Chemistry

Pharmacology BIO 107

Homework #3

1) Do inhibitory neurotransmitters activate or inhibit receptors? Inhibit receptors

2) What is the major inhibitory neurotransmitter in the brain? gaba

3) What is the major excitatory neurotransmitter in the brain? glutamate

4) What is different between GABAA receptors and GABAB receptors? GABAa- ion channels GABAb- metabotrophic receptor

5) How is GABA terminated? reuptake into both presynaptic nerve terminals and surrounding glial cells.

6) What is the receptor for Glutamate? What kind of receptor is it? Ionotrophic an ion channel

7) How is Glutamate terminated?  the synaptic cleft by excitatory amino-acid transporters

8) What role does dopamine play in the brain? Neurotransmitter that releases a “happy” chemical

9) Dopamine works via what kind of receptors? D1,D2,D3,D4,D5

10) How is the dopamine signal terminated?  reuptake back into the presynaptic neuron

11) What role does serotonin play in the brain? regulate anxiety, happiness, and mood

12) Serotonin is synthesized from what?  amino acid L-Tryptophan

13) What kind of receptors are there for serotonin? 5-hydroxytryptamine

14) How is the serotonin signal terminated?  reuptake or enzymatic breakdown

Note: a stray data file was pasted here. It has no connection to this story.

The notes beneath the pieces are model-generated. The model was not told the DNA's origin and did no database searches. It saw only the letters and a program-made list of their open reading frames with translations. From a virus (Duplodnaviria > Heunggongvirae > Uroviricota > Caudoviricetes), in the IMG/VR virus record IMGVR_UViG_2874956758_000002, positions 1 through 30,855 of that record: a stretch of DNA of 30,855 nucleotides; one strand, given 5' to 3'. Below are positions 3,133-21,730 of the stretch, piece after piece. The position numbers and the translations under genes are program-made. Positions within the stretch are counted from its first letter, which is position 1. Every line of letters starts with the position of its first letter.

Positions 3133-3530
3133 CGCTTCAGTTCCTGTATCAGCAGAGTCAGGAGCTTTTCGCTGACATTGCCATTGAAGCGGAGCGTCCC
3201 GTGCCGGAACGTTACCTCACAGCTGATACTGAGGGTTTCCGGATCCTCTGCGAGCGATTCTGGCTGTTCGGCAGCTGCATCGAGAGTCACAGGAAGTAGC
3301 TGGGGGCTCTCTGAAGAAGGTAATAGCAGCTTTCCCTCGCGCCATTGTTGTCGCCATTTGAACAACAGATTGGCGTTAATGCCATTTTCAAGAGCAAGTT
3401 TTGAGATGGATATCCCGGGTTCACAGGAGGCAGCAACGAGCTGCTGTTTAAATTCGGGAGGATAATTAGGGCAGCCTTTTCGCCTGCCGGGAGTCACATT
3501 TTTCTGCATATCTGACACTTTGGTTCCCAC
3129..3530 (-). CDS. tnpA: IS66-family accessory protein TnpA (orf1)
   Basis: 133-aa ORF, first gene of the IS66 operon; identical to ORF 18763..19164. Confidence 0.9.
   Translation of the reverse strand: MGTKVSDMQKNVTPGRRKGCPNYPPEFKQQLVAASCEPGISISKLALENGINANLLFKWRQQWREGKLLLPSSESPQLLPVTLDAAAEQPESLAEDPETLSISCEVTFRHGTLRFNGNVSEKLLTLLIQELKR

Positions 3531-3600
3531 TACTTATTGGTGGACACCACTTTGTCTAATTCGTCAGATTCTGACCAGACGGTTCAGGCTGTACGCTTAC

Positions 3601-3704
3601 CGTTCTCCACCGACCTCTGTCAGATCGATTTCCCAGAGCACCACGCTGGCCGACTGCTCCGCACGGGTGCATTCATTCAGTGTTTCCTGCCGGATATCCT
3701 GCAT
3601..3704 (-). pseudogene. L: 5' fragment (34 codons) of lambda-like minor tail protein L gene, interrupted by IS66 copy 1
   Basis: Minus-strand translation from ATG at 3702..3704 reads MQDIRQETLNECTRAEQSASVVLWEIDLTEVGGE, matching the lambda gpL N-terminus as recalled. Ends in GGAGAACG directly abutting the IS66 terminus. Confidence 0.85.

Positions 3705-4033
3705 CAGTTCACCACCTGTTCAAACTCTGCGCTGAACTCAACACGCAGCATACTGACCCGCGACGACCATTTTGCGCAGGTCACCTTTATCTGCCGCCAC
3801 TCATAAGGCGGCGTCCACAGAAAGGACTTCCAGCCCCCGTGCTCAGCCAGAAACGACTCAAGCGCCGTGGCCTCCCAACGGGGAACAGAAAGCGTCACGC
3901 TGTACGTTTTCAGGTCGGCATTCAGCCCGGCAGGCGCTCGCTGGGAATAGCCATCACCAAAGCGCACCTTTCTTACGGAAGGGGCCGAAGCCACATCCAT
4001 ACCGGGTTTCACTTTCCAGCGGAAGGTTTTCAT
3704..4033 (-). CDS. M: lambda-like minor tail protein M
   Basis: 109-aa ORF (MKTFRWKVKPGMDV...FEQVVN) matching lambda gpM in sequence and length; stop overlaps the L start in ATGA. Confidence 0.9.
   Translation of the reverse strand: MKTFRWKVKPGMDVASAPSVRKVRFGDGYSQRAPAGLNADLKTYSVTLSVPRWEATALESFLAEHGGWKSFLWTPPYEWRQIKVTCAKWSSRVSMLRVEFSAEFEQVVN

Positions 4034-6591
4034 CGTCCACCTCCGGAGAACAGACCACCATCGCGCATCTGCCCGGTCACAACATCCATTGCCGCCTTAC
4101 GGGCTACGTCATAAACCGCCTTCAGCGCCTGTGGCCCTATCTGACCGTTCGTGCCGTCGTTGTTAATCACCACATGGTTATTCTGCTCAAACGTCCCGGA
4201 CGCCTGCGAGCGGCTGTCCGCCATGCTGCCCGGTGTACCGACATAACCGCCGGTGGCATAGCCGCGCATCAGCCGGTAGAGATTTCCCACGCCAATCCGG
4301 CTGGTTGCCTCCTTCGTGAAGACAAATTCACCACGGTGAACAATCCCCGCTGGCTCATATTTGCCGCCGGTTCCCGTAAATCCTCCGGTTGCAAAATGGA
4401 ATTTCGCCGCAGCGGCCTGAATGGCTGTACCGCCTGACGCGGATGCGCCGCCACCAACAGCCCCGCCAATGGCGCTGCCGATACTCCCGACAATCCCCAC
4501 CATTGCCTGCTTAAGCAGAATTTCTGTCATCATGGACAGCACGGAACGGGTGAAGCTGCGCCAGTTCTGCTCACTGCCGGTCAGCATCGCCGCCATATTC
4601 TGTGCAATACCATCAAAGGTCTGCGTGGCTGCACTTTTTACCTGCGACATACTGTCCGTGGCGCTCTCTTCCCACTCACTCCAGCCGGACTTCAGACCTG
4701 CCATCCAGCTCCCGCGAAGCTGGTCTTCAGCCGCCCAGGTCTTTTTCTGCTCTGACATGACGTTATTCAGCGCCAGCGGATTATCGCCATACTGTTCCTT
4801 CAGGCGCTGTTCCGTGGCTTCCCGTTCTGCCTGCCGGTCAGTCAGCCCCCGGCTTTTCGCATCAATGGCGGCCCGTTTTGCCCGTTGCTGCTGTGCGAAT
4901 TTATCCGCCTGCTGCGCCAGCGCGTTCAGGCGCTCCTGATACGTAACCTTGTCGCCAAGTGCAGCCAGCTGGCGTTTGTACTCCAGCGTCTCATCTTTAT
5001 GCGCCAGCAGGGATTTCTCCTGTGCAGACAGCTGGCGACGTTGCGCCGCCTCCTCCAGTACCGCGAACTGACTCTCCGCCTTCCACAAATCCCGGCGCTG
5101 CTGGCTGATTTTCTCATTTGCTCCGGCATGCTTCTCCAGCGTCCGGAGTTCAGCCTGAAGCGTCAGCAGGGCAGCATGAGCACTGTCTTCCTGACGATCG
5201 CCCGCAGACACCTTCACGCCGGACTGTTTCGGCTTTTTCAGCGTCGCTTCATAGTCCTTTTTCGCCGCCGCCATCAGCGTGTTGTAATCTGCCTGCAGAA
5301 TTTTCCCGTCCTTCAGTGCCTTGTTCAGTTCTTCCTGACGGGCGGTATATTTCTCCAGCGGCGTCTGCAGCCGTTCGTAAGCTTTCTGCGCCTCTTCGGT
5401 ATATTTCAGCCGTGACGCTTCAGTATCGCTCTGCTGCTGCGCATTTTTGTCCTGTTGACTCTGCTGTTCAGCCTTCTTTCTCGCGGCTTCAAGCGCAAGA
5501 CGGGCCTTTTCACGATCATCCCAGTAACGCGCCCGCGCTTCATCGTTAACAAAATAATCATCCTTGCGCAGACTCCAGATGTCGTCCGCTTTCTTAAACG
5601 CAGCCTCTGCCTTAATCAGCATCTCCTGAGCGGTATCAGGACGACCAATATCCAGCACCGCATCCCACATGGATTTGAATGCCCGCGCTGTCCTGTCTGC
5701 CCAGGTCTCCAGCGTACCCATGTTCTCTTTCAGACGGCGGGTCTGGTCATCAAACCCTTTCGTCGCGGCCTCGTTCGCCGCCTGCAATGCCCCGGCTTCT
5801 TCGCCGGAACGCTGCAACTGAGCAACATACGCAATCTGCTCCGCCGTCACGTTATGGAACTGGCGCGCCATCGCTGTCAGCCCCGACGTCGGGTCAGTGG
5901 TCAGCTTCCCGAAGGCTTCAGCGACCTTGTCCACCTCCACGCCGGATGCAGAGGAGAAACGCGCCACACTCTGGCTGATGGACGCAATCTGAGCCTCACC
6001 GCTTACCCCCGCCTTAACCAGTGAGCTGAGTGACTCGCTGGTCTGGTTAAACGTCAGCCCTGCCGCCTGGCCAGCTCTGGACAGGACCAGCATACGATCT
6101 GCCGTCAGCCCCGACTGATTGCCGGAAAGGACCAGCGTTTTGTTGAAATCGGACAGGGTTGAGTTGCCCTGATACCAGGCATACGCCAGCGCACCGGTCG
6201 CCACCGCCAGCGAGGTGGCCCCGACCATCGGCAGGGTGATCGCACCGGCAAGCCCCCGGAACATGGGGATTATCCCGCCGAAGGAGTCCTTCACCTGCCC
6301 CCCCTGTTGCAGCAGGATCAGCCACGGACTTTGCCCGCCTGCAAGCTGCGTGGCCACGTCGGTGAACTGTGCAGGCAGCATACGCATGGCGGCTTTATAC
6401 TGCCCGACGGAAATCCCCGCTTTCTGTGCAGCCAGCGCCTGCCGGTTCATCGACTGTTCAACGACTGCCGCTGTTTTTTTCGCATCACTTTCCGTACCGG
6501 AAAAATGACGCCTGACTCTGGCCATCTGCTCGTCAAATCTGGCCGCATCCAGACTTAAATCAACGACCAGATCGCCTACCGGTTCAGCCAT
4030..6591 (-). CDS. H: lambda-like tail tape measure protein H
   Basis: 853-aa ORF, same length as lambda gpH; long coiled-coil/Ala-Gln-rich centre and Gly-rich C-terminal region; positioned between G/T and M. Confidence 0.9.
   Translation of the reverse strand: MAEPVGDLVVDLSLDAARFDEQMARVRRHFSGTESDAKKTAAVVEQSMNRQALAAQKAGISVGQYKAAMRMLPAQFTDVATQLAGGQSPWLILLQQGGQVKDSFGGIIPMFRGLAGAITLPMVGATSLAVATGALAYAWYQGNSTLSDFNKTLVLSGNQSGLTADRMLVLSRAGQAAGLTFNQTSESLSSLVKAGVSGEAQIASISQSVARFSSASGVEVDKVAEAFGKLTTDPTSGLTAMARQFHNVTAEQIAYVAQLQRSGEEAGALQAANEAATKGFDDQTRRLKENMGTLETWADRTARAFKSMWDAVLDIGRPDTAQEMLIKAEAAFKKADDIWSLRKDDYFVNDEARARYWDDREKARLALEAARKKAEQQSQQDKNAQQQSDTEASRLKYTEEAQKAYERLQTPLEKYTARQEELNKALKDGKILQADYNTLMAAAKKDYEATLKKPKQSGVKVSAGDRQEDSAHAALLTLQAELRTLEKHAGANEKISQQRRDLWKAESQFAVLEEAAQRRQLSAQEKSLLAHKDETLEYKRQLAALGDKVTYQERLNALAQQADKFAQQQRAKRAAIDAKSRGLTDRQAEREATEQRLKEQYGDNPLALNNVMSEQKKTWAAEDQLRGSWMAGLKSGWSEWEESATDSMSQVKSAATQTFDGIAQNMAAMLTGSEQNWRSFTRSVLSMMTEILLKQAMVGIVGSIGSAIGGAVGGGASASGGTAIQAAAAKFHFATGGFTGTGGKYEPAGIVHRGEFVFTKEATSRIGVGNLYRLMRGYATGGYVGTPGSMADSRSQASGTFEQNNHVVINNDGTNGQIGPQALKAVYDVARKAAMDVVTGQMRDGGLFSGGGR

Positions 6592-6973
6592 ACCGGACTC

15) Will the inhibition of a serotonin reuptake inhibitor lead to sleepiness? A depressed mood? Yes; no

16) What is the role of a presynaptic serotonin receptor? inhibiting release of 5HT into the synaptic cleft

17) What is the difference between SSRIs and SNRIs? SNRIs work slightly differently than SSRIs, though both increase the amount of serotonin available in the bloodstream. While SSRIs only block the reuptake of serotonin, SNRIs can also be used for pain relief and are more effective for different types of depression

18) What do tricycle antidepressants bind to? What is the result?

19) What does monoamine oxidase do?  breaks down norepinephrine, serotonin, and dopamine

20) What happens when you inhibit MAO? norepinephrine, serotonin, and dopamine are not broken down, increasing the concentration of all three neurotransmitters in the brain

21) What must you warn patients about? Possible side effects

22) How does lithium work? help strengthen nerve cell connections in brain regions that are involved in regulating mood, thinking and behavior

23) Describe the mechanism of action and indication and how they are related for the following drugs:

a. Cymbalta

b. Effexor

c. Nardil

d. bupropion (Wellbutrin)

e. imipramine (Trofranil)

f. sertraline (Zoloft)

g. Lexapro (escitalopram)

h. Paxil

i. Buspirone (BuSpar)

24) What do CNS depressants do?  act on the brain by increasing activity of GABA, a chemical that slows brain activity

25) What are the 4 classes of CNS depressants? Barbiturates, Benzodiazepines, stimulants

26) How does methylphenidate hydrochloride (Ritalin) work? How does this relate to the role of dopamine? increasing the availability of the neurotransmitters norepinephrine and dopamine in your CNS connections

27) What receptor do barbiturates bind to? What do they do?

28) What receptor do benzodiazepines bind to? What do they do?

29) What is lorazepam and how does it work?

30) What are barbiturates used to treat?

31) What are benzodiazepines used to treat?

32) How does Xanax work? How does this relate to the role of GABA in the brain?